Starting January 1, the Department of Pharmaceuticals is implementing a "Uniform Code of Pharmaceuticals Marketing Practices" that aims to stop the practice of giving freebies to doctors to promote sale of medicines. But this is a voluntary code and doctors are divided on how effective it can be.
Many, that Business Today spoke to, felt that pharmaceutical companies in India will find a way to get around the code. "This is a move in the right direction and it would be ideal if it can be checked through a voluntary code but we do not live in an ideal world and therefore I expect this to be made a statutory code," says Dr N Krishna Reddy, a cardiologist and Vice Chairman of Care Hospitals in Hyderabad.
Others, however, feel this is a code that will work best only when imposed voluntarily. "It is a move in the right direction but we do not have adequate systems in place to monitor and enforce this effectively. Therefore, a voluntary code may only be the option at the moment," says oncologist Radheshyam Naik at HealthCare Global, a Bangalore-based hospital chain that specialises in cancer care.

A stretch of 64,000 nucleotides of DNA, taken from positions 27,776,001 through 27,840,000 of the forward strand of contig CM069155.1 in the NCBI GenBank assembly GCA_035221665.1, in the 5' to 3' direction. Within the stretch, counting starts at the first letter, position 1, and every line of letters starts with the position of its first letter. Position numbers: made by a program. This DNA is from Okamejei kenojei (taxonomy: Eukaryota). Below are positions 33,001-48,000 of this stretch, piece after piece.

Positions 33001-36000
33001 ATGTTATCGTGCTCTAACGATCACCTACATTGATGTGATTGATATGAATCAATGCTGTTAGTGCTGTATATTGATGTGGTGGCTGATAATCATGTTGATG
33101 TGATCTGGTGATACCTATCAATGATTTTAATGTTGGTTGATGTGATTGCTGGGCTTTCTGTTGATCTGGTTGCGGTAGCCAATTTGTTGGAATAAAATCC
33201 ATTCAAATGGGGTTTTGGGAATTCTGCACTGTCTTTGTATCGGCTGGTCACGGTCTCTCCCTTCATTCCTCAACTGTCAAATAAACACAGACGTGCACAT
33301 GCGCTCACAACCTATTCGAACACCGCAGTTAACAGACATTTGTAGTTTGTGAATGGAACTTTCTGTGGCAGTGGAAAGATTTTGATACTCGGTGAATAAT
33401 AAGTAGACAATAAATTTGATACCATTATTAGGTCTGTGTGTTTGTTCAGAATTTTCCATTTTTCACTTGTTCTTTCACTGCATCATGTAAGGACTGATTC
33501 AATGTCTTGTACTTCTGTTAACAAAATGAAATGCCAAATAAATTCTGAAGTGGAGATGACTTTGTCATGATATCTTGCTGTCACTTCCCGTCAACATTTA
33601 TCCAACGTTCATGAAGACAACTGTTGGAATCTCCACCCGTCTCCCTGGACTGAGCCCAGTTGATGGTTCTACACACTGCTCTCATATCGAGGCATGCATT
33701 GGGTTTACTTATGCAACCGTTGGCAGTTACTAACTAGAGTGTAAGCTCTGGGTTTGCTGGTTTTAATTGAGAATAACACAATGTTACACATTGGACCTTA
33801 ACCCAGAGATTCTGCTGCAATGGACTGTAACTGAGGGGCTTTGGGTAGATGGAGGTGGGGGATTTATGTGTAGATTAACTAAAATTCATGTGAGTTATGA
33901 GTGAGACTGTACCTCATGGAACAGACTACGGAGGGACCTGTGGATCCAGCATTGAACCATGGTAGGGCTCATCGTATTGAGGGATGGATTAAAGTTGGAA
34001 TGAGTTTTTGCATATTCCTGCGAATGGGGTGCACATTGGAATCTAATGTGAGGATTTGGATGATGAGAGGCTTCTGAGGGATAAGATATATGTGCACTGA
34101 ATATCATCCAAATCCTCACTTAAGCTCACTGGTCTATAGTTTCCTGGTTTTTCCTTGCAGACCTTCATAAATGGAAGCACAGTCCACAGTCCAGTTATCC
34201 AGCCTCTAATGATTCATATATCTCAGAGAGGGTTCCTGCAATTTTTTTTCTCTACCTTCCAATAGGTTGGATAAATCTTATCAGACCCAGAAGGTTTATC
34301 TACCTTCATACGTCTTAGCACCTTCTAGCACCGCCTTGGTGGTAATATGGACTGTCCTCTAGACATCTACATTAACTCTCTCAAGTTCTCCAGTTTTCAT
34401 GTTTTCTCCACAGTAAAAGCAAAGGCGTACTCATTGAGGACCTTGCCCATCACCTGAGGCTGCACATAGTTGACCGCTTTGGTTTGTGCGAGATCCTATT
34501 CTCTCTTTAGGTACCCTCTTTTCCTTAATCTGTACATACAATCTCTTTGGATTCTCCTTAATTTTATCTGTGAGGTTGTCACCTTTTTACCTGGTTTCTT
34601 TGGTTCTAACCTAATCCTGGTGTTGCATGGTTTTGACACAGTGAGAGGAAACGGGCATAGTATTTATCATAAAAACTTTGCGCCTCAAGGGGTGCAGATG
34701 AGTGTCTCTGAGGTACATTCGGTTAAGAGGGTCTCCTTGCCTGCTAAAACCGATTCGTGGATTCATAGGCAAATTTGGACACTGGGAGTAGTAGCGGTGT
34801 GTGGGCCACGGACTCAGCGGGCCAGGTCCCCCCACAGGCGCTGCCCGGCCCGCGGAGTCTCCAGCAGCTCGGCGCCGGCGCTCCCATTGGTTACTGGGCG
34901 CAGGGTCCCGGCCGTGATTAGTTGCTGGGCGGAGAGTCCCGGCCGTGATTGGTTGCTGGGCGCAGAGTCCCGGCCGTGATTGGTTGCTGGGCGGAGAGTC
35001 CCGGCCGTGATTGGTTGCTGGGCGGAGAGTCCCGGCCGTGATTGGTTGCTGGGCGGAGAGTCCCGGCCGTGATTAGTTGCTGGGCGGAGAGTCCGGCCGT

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Naik says it is also perhaps time to look beyond doctors and pharmaceutical companies and look at politicians who set up medical colleges and the admission processes in these colleges.
The code is voluntarily for the first six months, after which it will be reviewed. It talks of checks on companies from giving cash or monetary grants and gifts to doctors. Medical practitioners say companies can still find a way around it and could use different modes to entice doctors.
For instance, companies can appoint doctors as consultants for giving inputs regarding their drugs, by making doctors write articles about their drugs in the name of imparting knowledge or by holding seminars and lectures on generic medicines that go into the concerned branded drugs. Whether all of this will be checked will be known after the review in six months.
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